Once again, the SAT, the oldest and most famous college admissions test, is changing. The College Board has redesigned both the SAT and PSAT with the new PSAT starting in the fall of 2015 and the first new SAT in the spring of 2016. Why would the College Board change its most famous assessment? Does this change have anything to do with the challenges it faces from its major competitor, the ACT college admissions test? Read more →

Reading For Fun

By Michael K. Smith, Ph.D.



Do your children read for fun? A recent survey called Kids and Family Reading Report, issued by Scholastic and YouGov, outlines how often children read for fun, what books draw their interest, and how frequent readers differ from infrequent readers. A nationwide representative sample of parents, along with children ages 6 to 17, were asked many questions about reading activities. The results of this report can help parents understand how to promote reading books for fun with their children. Read more →

The Dream of Girls’ Education

By Michael K. Smith, Ph.D.



“What have I done wrong that I should be afraid? All I want to do is go to school and that is not a crime. That is my right.” Those remarkable words are written by Malala Yousafzai in her recent memoir I am Malala: How One Girl Stood Up for Education and Changed the World (Young Readers Edition written with Patricia McCormick). As a teenager, Malala spoke out for girls’ education in her native Pakistan. Her efforts brought international attention and led to her being awarded the 2014 Nobel Peace Prize, the youngest recipient ever at age seventeen. More astounding is what she had to endure. At the age of fifteen, a Taliban gunman entered her school bus and shot her three times. Read more →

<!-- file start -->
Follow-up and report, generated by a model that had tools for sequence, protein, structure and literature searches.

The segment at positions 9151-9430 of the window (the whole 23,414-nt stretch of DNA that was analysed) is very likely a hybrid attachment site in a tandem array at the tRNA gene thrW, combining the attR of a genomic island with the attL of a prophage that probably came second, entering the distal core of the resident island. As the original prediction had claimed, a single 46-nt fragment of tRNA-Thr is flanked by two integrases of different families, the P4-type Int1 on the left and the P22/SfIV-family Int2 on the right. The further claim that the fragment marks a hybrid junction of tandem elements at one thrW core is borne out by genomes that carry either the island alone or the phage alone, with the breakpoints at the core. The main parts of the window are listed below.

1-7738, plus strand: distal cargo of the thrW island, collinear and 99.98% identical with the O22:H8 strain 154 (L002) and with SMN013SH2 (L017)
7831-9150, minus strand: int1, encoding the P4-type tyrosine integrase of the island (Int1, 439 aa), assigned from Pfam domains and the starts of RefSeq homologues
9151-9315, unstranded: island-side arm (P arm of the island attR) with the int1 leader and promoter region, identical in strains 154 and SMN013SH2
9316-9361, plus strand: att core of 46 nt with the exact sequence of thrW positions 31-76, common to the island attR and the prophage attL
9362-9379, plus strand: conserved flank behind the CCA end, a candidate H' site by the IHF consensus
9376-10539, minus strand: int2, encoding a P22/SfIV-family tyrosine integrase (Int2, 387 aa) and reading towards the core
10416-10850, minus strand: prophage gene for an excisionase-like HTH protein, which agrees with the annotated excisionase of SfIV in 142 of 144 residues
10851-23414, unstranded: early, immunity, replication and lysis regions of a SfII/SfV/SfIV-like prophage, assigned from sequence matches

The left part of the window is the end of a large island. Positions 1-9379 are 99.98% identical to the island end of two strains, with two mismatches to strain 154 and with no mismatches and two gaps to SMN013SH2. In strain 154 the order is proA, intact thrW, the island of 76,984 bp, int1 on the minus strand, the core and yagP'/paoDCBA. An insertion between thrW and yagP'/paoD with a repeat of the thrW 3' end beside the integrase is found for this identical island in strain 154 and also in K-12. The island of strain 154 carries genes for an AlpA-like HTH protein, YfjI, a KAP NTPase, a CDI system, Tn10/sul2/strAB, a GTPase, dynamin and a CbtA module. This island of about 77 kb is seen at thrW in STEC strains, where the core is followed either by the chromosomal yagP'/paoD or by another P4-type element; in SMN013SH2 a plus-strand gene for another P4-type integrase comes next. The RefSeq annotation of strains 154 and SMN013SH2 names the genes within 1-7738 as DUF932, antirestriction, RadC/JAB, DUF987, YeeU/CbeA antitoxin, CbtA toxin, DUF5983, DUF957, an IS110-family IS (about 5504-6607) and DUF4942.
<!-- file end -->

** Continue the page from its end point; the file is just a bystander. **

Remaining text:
Can You Guess The Origin Of “In A Nutshell”

By Michael K. Smith, Ph.D.



I just recently published a book entitled Playing Fast and Loose: Match Wits with the Author and Guess the Origin of Common Idioms. My book invites the reader to guess the correct origin of common idioms. For each idiom, I constructed three scenarios. One scenario contains a short description of the likely origin of the phrase with some selected historical context that illustrates its usage. The other two scenarios also present short vignettes with factually correct historical citations; however, these two descriptions are not considered the likely origin of the phrase. Can you guess the origin of the common phrase “in a nutshell”? Read the three scenarios below and try to select the one that is commonly considered the origin of this term. The answer is below. (Note: Dr. Smith’s print and ebook can be ordered through Amazon.com) Read more →

The Creative Role Of Reading Fiction

By Michael K. Smith, Ph.D.



When I was a senior at West, my English teacher, Mrs. Hooper, had us read and study a book by Cleanth Brooks and Robert Penn Warren entitled Understanding Fiction. This text presented examples of well-known short stories with detailed critical commentaries. Brooks and Warren wanted a student to develop a deeper comprehension of fiction, so that the process of reading would change the student. Otherwise, there was little merit in offering an English course: “…if the views remain substantially unchanged, if the interests which [the student] brings to fiction in the first place are not broadened and refined, the course has scarcely fulfilled its purpose: the student has merely grown more glib and complacent in his limitations.” Current social science research extends Brooks and Warren’s vision: Reading fiction can actually increase empathy and help develop social skills. Read more →